Payers that take a proactive interest in physician groups do so with varying motivations and approaches. In Texas, where risk is routinely passed to physicians, health plans take a no-nonsense stance when seeking assurances that groups are in a position to accept it. Texas Insurance Commissioner Jose Montemayor told Managed Care’s “States Initiatives” column last month that plans are asking risk-bearing groups for fidelity bonds, letters of credit, or collateral. “The plans, to their credit, have done a marvelous job of policing that,” he said.

Karen Sollar, administrator for the Orthopaedic Group of San Francisco, might not sympathize with that sort of heavy-handedness, but can understand the HMOs’ point of view. When BayCare, a Northern California IPA, ran into financial difficulties, it stuck her group with unpaid claims. “They moved without telling anyone and had their phones disconnected, so we went right to the health plan,” she remembers. “The plan paid us, but it had already paid the IPA to pay us for those claims. They ended up paying twice.”

Elsewhere, payer-physician relations unfold in a more perfunctory, if not altruistic, way. Kathie Buffington, group practice administrator for Palo Alto-based Fertility Physicians of Northern California, recalls this to be true in Virginia, where she had worked previously.

“Say it was Sentara,” she says. “They had reps who would come to the office, bring all the forms, and do a presentation for the staff. And they’d say, ‘This is how to do these things smoothly.'” At the least, she says, the office staff learned how to get payments more quickly with fewer hassles.

But Lewin, at CMA, says he hasn’t seen much evidence of such cooperation in California. Wallerstein says even if HMOs wanted to do this, most medical groups are too angry to play along.

“The HMOs’ approach is to contact everyone in their IPAs and demand financial statements. And a natural response from a group or IPA would be, ‘Why should we show you that? You’re not doing anything to help us.'”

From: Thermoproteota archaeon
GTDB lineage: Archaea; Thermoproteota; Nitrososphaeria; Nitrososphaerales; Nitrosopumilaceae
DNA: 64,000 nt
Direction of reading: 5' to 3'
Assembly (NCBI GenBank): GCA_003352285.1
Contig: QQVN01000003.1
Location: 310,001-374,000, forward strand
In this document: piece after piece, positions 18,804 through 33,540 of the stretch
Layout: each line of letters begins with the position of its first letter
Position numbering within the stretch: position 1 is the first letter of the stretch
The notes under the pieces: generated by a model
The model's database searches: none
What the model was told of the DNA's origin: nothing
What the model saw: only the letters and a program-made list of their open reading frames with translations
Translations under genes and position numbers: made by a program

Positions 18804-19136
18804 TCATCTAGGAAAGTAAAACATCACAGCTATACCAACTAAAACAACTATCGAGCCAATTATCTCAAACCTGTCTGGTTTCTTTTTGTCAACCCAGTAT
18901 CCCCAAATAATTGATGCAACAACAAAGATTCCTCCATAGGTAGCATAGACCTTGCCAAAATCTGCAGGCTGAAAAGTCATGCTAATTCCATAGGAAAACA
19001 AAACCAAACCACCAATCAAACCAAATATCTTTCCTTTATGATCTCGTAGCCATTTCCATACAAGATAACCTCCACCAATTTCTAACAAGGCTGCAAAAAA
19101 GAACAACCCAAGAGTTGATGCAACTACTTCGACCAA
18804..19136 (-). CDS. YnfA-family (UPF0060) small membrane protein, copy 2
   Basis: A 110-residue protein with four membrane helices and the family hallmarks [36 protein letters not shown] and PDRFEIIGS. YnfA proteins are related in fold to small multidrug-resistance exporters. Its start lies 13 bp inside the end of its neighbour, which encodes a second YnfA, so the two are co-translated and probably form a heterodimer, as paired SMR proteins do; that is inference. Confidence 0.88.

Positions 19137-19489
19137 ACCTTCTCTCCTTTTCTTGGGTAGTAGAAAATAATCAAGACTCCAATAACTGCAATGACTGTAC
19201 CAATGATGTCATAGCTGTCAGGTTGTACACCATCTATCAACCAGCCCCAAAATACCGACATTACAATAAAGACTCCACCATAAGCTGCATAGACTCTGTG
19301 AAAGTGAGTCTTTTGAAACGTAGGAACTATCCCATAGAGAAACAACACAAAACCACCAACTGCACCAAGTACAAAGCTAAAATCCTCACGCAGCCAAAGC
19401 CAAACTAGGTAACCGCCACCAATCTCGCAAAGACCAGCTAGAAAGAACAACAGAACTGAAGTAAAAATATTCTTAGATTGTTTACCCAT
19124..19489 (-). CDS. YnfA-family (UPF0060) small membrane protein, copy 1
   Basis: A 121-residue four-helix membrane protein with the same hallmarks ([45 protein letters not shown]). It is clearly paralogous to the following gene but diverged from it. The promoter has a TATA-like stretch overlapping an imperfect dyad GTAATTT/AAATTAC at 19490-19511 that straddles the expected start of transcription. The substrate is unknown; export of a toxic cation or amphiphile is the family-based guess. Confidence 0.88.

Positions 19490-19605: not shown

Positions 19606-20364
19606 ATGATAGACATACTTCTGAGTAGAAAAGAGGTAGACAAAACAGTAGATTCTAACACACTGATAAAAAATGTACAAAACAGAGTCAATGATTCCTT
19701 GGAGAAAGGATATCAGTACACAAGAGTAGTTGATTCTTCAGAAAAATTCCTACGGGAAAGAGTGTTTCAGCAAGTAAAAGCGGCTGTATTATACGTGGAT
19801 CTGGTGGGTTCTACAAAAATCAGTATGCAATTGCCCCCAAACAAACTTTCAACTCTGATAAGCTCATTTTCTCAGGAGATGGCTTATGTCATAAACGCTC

An answer is that when it works, when there are no hidden agendas, education can break down barriers of mistrust. Wallerstein and the HMO are working out details of an executive-exchange program, where once a month, he and someone from the HMO will trade places for a day for both to get a feel for what it’s like in the trenches.

“Let them see how difficult it is to find that patient in the eligibility data the HMO sends us, and the impact that has on our costs. And vice versa, when I go up there, I want to see how they get information from an employer about who the primary care physician is, and learn why it’s so difficult to get that information to us.”

The moral?

Wallerstein says there’s a lesson for struggling groups that have taken a defensive posture toward payers — no matter how absurd it may sound on its face.

“Bring in the people from the HMOs,” he says. “Share your detailed business finances and operations issues with them sooner rather than later. Get proactive with your HMO partners and help them learn about your business.” The more they know about your practice, the better you’ll be able to work together.

Revenue opportunities you may be missing

When Will Norris, of BDO Seidman’s health care practice, works with medical groups, the goal is to help them keep more of their capitation dollars. “Often,” he says, “we find that groups are not as prepared as they think they are to manage risk.” Some things he watches for:

Reconciling capitation. Put differently, says Norris, “How do they know that what they are paid by the HMO is the correct amount?” Medicare eligibles, institutionalized patients, and those with end-stage renal disease command differing rates. “It’s a laborious process; more often than not, groups aren’t doing it. Then they’re blown away when we show them the amount they’re losing because they don’t.”

Claims payments. Are IPAs paying claims accurately? BDO has performed audits to determine such things as when a spouse’s own coverage should be primary. “It’s one of those things where IPAs say, ‘There’s not a lot of money in that,'” says Norris. “And we say, ‘Oh? Let us educate you.'”

Third-party liability. Simple example: An automobile insurer is responsible for medical bills arising from an accident. “A lot of groups stay away from that because of the perception that it’s legally entwined, but it’s not. It’s just about developing a process and sticking to it.”

Risk-pool reconciliation. Often, says Norris, medical directors say, “I thought I’d get this… I got that… fine.” Someone who is risk-pool savvy, though, can use little-known tricks of the trade to uncover hundreds of thousands of dollars that otherwise go overlooked.